The second way we can be guided by this Trinitarian idea is conveyed in the John passage: “I still have many things to say to you, but you cannot bear them now. When the Spirit of truth comes, he will guide you into all the truth; for he will not speak on his own, but will speak whatever he hears, and he will declare to you the things that are to come. He will glorify me, because he will take what is mine and declare it to you.” Listen to that last sentence again: “He will glorify me, because he will take what is mine and declare it to you.”
In other words, we don’t necessarily know or understand everything that is to be known or understood. This was true in First Century Palestine, and is true in 21st Century America.
I talked earlier about a reluctance, even opposition, to change. At work, we hear things like, “that’s the way we’ve always done it.” At church, we hear, “That’s the way it’s been for hundreds, even thousands of years.”
But new knowledge and new understanding confronts us every day, and we must process that. “I still have many things to say to you, but you cannot bear them now,” Jesus tells his disciples.
Jesus “taught (his disciples) in a limited fashion in accordance with (their) capacity … to hear and learn.” (Soards, Dozeman and McCabe 1994, 27)
Today that is still true. As one group of commentators has written, “What the community will learn from the Spirit is consistent with what the community began to learn from Christ. Thus, the community can judge the validity and appropriateness of ‘new’ teaching by asking whether it is keeping with the foundation laid by Christ himself.” (Soards, Dozeman and McCabe 1994, 27)
Put another way: W-W-J-D? – what would Jesus do?
Speaking personally, I am constantly amazed by those who proclaim to be Christian, yet spend their time turning their backs on the hungry, on the widow, on the orphan, on the “alien in their midst.” That definitely is NOT what Jesus would do. There is no example, no hint, of that anywhere in the Bible – in fact all the examples are exactly the opposite.
What is the greatest commandment, Jesus is asked. “You shall love the Lord your God with all your heart, and with all your soul, and with all your mind. This is the greatest and first commandment. And a second is like it: ‘You shall love your neighbor as yourself.’ On these two commandments hang all the law and the prophets.” (Matthew 22:37-40 NRSV)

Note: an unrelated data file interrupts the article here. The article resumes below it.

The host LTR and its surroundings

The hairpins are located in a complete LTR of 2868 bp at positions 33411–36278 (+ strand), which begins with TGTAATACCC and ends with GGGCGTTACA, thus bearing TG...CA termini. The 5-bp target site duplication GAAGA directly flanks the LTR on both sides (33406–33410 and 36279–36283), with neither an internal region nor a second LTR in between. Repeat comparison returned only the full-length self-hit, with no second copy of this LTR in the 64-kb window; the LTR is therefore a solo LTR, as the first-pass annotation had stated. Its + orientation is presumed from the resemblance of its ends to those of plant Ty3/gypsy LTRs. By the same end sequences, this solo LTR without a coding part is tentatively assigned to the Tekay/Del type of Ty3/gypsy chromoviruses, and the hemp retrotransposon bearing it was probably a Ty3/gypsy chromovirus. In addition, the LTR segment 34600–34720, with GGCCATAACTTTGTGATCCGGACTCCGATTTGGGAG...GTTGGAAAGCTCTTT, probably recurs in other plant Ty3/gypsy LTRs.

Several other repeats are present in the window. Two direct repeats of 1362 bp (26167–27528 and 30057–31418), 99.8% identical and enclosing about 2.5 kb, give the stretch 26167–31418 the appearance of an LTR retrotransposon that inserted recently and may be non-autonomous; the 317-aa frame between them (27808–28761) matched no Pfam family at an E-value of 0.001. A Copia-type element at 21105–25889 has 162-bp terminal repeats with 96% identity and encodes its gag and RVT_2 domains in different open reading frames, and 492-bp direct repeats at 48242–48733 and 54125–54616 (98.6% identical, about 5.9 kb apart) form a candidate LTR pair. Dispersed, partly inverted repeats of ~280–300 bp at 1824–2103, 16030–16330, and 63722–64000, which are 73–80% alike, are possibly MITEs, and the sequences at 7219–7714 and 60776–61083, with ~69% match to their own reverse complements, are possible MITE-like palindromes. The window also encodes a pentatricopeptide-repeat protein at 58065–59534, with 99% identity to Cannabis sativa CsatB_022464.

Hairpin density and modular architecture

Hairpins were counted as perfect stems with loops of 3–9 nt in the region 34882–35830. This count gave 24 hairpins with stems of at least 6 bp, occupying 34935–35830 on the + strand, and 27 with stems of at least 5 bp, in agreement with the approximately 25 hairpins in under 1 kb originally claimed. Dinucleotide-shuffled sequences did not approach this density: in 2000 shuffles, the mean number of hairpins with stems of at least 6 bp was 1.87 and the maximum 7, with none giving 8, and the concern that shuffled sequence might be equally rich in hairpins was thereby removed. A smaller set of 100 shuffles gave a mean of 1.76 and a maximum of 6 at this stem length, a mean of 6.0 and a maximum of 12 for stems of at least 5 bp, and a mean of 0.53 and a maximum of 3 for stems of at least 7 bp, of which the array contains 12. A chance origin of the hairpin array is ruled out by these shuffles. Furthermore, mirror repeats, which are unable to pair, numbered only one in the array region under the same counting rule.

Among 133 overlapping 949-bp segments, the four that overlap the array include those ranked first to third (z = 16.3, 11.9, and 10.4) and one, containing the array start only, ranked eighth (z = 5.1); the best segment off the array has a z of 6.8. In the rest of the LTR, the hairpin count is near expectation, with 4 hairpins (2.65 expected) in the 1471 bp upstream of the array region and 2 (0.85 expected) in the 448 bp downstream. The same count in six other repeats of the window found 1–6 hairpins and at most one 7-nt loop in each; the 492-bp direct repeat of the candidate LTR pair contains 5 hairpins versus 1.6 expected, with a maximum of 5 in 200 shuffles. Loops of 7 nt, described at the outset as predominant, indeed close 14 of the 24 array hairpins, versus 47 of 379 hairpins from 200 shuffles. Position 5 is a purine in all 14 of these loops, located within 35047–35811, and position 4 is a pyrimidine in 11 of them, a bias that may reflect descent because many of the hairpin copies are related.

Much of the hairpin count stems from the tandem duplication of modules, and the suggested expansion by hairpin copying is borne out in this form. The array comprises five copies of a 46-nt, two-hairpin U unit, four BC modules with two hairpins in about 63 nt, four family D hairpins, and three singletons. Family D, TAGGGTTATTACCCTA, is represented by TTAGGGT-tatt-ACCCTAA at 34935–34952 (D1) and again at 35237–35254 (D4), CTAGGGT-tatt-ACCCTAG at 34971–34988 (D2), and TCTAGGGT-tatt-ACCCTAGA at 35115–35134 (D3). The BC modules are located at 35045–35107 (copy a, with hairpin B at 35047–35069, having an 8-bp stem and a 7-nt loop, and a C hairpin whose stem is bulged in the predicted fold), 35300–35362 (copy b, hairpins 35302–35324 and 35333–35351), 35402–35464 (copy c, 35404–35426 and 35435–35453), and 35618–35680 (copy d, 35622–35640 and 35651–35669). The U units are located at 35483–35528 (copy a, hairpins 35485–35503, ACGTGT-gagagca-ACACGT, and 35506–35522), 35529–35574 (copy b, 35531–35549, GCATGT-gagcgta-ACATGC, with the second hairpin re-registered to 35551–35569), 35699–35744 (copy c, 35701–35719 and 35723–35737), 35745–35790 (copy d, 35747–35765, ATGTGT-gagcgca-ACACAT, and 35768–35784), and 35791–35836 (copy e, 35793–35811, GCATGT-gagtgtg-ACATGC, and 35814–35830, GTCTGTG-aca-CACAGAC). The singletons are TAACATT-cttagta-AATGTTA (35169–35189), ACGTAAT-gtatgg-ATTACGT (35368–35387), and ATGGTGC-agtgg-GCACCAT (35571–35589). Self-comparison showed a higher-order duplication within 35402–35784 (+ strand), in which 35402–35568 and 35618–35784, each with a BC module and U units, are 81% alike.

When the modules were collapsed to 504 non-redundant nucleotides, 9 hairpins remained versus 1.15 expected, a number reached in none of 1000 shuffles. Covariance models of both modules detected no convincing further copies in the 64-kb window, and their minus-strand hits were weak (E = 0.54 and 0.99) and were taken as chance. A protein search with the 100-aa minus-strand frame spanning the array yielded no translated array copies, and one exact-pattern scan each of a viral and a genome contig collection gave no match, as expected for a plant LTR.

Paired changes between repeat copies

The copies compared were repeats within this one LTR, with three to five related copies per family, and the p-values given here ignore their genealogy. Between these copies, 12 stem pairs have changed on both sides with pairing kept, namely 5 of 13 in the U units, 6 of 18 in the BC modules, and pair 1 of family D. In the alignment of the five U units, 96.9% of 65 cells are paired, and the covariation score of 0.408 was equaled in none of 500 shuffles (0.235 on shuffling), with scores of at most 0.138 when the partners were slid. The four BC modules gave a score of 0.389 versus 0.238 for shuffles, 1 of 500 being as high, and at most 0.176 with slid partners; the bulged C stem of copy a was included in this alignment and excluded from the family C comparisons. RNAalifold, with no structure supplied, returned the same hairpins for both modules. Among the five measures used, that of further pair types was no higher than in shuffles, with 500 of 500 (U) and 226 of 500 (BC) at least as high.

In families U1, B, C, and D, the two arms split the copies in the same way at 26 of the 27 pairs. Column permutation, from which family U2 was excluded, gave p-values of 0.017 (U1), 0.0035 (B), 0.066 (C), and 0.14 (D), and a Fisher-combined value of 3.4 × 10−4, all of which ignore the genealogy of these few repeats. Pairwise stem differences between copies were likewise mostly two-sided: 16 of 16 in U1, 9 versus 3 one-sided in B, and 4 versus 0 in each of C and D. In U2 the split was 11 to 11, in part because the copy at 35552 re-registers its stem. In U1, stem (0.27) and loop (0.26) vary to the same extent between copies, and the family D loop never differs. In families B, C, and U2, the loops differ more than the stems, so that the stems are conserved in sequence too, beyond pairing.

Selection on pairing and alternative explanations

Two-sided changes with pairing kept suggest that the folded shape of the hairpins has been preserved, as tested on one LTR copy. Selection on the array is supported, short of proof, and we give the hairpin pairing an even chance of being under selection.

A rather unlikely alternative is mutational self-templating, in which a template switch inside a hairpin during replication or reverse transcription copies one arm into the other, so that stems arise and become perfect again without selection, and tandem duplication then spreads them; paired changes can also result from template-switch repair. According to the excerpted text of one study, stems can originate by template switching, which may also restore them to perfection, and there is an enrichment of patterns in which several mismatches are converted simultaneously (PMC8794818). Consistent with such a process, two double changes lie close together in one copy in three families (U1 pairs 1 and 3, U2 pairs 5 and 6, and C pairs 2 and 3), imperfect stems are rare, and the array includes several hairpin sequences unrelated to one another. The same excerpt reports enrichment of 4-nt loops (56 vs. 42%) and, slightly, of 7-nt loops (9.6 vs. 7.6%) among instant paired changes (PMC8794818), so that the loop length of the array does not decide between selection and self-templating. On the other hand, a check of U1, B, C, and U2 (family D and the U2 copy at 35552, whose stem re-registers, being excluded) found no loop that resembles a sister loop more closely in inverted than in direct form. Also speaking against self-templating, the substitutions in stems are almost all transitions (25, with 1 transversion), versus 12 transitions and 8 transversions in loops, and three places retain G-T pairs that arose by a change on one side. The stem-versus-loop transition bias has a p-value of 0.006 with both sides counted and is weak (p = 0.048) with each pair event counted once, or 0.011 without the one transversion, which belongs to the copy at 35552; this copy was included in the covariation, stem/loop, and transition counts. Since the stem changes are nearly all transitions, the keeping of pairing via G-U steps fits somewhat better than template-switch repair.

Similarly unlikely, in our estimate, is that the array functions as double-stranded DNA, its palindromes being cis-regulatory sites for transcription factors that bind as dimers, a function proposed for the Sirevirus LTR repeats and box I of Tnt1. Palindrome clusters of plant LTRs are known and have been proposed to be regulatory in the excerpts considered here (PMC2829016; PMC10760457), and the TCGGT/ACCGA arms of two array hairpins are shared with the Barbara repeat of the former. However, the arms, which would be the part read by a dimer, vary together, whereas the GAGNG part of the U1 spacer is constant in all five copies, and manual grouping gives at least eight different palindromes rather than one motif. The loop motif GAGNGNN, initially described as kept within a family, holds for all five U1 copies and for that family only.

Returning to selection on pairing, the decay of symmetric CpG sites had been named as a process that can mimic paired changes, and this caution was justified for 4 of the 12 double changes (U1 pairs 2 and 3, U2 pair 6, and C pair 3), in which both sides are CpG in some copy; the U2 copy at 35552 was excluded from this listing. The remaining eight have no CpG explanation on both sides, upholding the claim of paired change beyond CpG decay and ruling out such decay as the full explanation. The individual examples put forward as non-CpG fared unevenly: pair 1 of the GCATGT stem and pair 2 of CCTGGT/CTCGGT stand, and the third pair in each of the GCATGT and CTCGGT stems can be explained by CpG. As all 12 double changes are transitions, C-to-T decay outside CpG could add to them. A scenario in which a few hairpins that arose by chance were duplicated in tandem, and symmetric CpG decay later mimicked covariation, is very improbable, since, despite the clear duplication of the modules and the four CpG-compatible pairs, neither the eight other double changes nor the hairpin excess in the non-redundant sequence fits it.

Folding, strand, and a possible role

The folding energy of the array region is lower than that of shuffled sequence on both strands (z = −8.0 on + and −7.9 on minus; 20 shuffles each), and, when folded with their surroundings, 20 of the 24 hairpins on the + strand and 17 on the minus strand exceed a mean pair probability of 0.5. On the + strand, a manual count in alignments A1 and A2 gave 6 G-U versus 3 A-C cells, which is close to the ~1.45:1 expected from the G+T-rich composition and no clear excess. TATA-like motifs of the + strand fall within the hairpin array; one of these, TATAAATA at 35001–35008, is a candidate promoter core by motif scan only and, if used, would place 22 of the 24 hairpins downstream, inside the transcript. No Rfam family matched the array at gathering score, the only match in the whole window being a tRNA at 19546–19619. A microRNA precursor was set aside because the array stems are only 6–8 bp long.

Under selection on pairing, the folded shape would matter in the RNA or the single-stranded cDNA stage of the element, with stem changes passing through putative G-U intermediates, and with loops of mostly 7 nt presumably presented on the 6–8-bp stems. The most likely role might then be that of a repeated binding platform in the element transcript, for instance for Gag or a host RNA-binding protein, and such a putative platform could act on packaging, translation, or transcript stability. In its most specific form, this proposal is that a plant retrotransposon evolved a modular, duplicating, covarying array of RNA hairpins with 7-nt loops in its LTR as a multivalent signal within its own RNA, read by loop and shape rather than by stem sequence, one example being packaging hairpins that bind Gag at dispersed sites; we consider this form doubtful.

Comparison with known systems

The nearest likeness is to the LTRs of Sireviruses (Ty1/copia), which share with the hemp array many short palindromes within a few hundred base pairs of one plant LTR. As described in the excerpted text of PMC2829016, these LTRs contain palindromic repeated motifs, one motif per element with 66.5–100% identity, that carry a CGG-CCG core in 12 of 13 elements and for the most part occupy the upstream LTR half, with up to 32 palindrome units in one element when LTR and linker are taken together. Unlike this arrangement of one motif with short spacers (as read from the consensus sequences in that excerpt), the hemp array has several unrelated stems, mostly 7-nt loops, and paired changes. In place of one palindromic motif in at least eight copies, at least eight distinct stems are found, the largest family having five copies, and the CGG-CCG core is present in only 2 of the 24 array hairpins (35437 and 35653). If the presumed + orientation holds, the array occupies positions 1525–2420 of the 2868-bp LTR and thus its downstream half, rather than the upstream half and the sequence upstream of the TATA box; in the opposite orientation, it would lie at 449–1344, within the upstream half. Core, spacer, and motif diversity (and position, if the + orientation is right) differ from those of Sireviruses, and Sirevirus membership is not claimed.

It is also important to remember that a basic theological understanding of the Trinity is that the three are indivisible. The inadequacy of our human language may lead us to think of three different actors, when it fact it is one – the Father IS the Son; the Son IS the Holy Spirit; the Father IS the Holy Spirit. Three in one; one in three.
So when the Spirit is acting, it is God acting. I return again to the New Revised English Bible’s translation of John 1:1: “In the beginning, the Word already was.” That is Christ is the Creator.
It’s important that we try to grasp this oneness because in that oneness, God’s sovereignty, God’s power, God’s omnipotence comes through.
Of course another hurdle to understanding the Trinity comes in language. We have become very sensitive to the use of male references in our language. While in many, maybe even most, ways that is a reflection of the limitations of English, it is often heard by some as reinforcing the idea of male dominance. I get this and am sensitive to it. (But that’s a subject for a entire sermon, or even series.) What I’d like to say in this context is for those for whom the masculine images are troublesome, is to remember that the language ”Father, Son and Holy Spirit’ is “about relationships, living relationships, and about God’s reaching out to humanity in Christ and the Spirit to give us life.” (Soards, Dozeman and McCabe 1994, 28)
To God alone be the glory, amen.
Please join me in prayer: Good and gracious God, good and gracious Creator, we daily thank you for sending us your Son, the Redeemer, to set the example and to teach us how we should live; and for the Holy Spirit, the Sustainer, who daily draws us closer to you. In the name of your son, Jesus, the Christ. Amen.
Cousar, George B., Beverly R. Gaventa, J. Clinton McCann, and James D. Newsome. 1994. Texts for Preaching: A Lectionary Commentary Based on the NRSV-Year C. Louisville, KY: Westminster John Knox Press.
Freedman, David Noel, Allen C. Myers, and Astrid B. Beck, . 2000. Eerdmans Dictionary of the Bible. Grand Rapids, MI: William B. Eerdmans Publishing Co.
Guthrie, Shirley C. 1994. Christian Doctrine (Revised Edition). Louisville, KY: Westminster/John Knox Press.
Soards, Marion, Thomas Dozeman, and Kendall McCabe. 1994. Preaching The Revised Common Lectionary: Year C, After Pentecost 1. Nashville, TN: Abingdon Press.